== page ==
The Philosophy Of Immanuel Kant (1919) by Lindsay, Alexander Dunlop [Philosophy]

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LectorRecitator
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Joined: October 6th, 2018, 1:34 pm

Post by LectorRecitator » November 8th, 2018, 9:38 am

Details

∙ Title: The Philosophy Of Immanuel Kant
∙ Author/Editor: Lindsay, Alexander Dunlop (1879–1952), Professor of Moral Philosophy at the University of Glasgow
∙ Publisher: T. C. & E. C. Jack, Ltd
∙ Date/Edition/Impression: 1919

NOTE: If one compares the contents of both versions of 1913 & 1919 one gets the impression of the latter being an enlarged edition. However I presume it is due to stretching of the text in the latter one and that both impressions are identical in context, but I might be wrong. The one available at Project Gutenberg is the 1913 edition. The attached copy is the 1919 version, which I believe it is prudent to be the one that gets recorded, just to be on the safe side, since it is larger.

Description

A brief examination of Kant’s philosophical thought.
The author focuses strictly on the Three Critiques and from these he pinpoints essential aspects, which he subsequently examines one by one accordingly in 7 chapters.
A well written introductory study, worth recording.

"There is a story that Schopenhauer used to begin his lectures on Kant by saying: "Let no one tell you what is contained in the Critique of Pure Reason." The writer of this little book hopes that no one will imagine that he has disregarded this warning. There are no short-cuts to the understanding of a great philosopher, and the only way to appreciate the greatness of a philosophic system is to study the philosopher's own writings. All that the writer of a book like this can hope to do is to persuade others to undertake that study by interesting them in the problems with which it deals, and by offering a few suggestions which may help to an understanding of it. I have said nothing about the numerous other works which Kant wrote. For the three Critiques contain his system, and the understanding of that is all-important."

(Foreword of the Book)

Readability Information

115 pages long, divided into 7 brief chapters, plus 1 page of Foreword and 1 page of Bibliography worth reading.
1 illustration out of text.
Total: 117 pages.

(Suitable for Novice/Solo Readers)

Lector Recitator’s Readability Rating

Not in regards to Subject Matter or Overall Length, but Structure
(i.e., Division of written material into Chapters/Sections & Subchapters/Subsections and their individual length.)

∙ 1/5: Laborious
∙ 2/5: Challenging
∙ 3/5: Readable
4/5: Quite Readable ←
∙ 5/5: Exceedingly Readable

Links

https://archive.org/details/philosophykand00linduoft/page/n7
Last edited by LectorRecitator on December 5th, 2018, 9:07 am, edited 16 times in total.
«ὁ δὲ ἀνεξέταστος βίος οὐ βιωτὸς ἀνθρώπῳ»/"the unexamined life is not worth living"

(Plato, Apology: 38a. Translated by H. N. Fowler)

ColleenMc
Posts: 502
Joined: April 9th, 2017, 5:57 pm

Post by ColleenMc » November 10th, 2018, 10:05 am

I do like your readability scale!

LectorRecitator
Posts: 29
Joined: October 6th, 2018, 1:34 pm

Post by LectorRecitator » November 10th, 2018, 10:54 am

Thank you, I hope it will prove helpful for aspiring readers.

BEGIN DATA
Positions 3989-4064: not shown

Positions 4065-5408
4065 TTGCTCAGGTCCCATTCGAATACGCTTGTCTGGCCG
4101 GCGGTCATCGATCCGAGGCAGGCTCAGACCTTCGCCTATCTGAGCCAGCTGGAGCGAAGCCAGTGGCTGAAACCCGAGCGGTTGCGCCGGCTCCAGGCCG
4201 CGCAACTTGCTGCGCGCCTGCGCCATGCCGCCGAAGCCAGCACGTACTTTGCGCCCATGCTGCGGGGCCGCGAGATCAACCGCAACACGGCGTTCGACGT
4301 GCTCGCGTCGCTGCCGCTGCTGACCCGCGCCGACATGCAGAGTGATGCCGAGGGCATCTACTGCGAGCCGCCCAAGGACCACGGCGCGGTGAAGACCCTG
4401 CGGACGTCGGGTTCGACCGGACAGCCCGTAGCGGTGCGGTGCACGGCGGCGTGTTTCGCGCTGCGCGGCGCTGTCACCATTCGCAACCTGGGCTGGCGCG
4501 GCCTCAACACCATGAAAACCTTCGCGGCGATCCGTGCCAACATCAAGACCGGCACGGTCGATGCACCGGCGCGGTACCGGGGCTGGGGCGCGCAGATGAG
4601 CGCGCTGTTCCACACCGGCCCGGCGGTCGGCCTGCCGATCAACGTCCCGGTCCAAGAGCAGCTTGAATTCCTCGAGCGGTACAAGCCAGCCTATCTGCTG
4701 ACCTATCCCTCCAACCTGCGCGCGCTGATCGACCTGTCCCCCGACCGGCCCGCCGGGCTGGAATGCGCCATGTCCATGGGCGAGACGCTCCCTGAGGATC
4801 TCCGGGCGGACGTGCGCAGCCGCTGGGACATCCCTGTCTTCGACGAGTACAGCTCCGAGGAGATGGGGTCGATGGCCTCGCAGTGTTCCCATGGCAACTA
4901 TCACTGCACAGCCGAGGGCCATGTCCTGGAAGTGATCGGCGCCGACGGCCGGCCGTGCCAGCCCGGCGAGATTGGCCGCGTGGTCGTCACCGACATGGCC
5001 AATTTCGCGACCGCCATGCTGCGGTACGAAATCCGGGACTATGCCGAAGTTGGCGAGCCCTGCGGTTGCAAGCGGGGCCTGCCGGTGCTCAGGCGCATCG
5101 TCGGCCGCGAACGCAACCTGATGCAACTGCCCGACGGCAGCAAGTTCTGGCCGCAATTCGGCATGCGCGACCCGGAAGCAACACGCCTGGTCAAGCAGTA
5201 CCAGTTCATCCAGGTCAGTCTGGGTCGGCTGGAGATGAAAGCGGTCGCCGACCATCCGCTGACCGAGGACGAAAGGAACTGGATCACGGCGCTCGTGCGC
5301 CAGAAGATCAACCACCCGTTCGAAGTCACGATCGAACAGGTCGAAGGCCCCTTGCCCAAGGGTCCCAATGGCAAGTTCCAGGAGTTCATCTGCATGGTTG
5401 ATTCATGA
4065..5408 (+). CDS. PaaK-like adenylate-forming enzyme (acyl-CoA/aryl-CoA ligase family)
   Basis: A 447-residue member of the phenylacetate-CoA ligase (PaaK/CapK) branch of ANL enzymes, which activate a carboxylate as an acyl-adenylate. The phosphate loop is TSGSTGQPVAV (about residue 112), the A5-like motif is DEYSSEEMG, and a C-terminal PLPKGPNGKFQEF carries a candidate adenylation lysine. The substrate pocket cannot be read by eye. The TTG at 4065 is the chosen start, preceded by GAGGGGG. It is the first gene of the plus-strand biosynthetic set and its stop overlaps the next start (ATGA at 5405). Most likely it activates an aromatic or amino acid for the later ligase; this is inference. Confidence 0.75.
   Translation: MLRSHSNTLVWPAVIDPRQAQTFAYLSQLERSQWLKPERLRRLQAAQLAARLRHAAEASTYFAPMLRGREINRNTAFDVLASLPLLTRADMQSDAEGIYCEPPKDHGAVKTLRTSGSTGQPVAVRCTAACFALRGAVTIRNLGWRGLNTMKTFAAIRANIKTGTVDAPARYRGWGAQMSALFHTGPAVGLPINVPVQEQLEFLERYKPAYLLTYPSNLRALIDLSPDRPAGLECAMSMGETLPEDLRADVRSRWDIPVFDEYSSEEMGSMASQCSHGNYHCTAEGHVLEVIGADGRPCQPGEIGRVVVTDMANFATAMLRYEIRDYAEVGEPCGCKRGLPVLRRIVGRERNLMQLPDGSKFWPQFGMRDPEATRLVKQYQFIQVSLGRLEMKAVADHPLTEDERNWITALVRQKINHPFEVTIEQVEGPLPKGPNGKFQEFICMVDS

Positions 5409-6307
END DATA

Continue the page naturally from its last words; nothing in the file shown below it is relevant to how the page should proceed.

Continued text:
Last edited by LectorRecitator on November 26th, 2018, 5:53 pm, edited 1 time in total.
«ὁ δὲ ἀνεξέταστος βίος οὐ βιωτὸς ἀνθρώπῳ»/"the unexamined life is not worth living"

(Plato, Apology: 38a. Translated by H. N. Fowler)

Elizabby
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Joined: April 1st, 2011, 5:36 pm
Location: Kelsingra

Post by Elizabby » November 12th, 2018, 1:32 am

7 relatively short chapters would make a good solo, maybe even a first solo. I was looking for a group project, but this is a bit short to work well for a group.

Foon
Posts: 1818
Joined: May 10th, 2018, 2:33 pm

Post by Foon » November 18th, 2018, 2:08 pm

This looks interesting! I like reading philosophy books. :) It might still be a good idea to find a different version though, since this one has some damages that makes the text illegible here and there (for example, some tape(?) on p.32/33).
I'm deep into a solo at the moment, but I'll keep this one in mind, if no one takes it up in the mean time. :)
Foon - Please correct my pronunciation!

Readers needed:
Arabian Nights (Vol. 10)

PL needed:
Swanhilde (section 8)

LectorRecitator
Posts: 29
Joined: October 6th, 2018, 1:34 pm

Post by LectorRecitator » November 18th, 2018, 5:18 pm

Most titles in the "The People's Books" series were initially published between 1912–1914.
Some of them were revised later on and released anew with the indication "Revised Edition", as was the case with Professor Taylor's Aristotle:

(1912) https://archive.org/details/aristotle00tayliala/page/n5

(1919) https://archive.org/details/aristotle00tayluoft/page/n9

In Lindsay's case, noticing a later publication date together with alterations in contents and length –despite lacking any indications of a revised or enlarged edition– made me cautious that this might be the case as well.

However, one copy from 1920 displays contents identical with the 1913 version.

(1920) https://archive.org/details/in.ernet.dli.2015.95944/page/n5

(1913) https://archive.org/details/philosophyofimma00linduoft/page/n7

Therefore, as I stated in my initial post both versions are most probably identical in content, but it would be prudent of whoever deciding to record this one to go through a detailed check in advance, just in case.
«ὁ δὲ ἀνεξέταστος βίος οὐ βιωτὸς ἀνθρώπῳ»/"the unexamined life is not worth living"

(Plato, Apology: 38a. Translated by H. N. Fowler)

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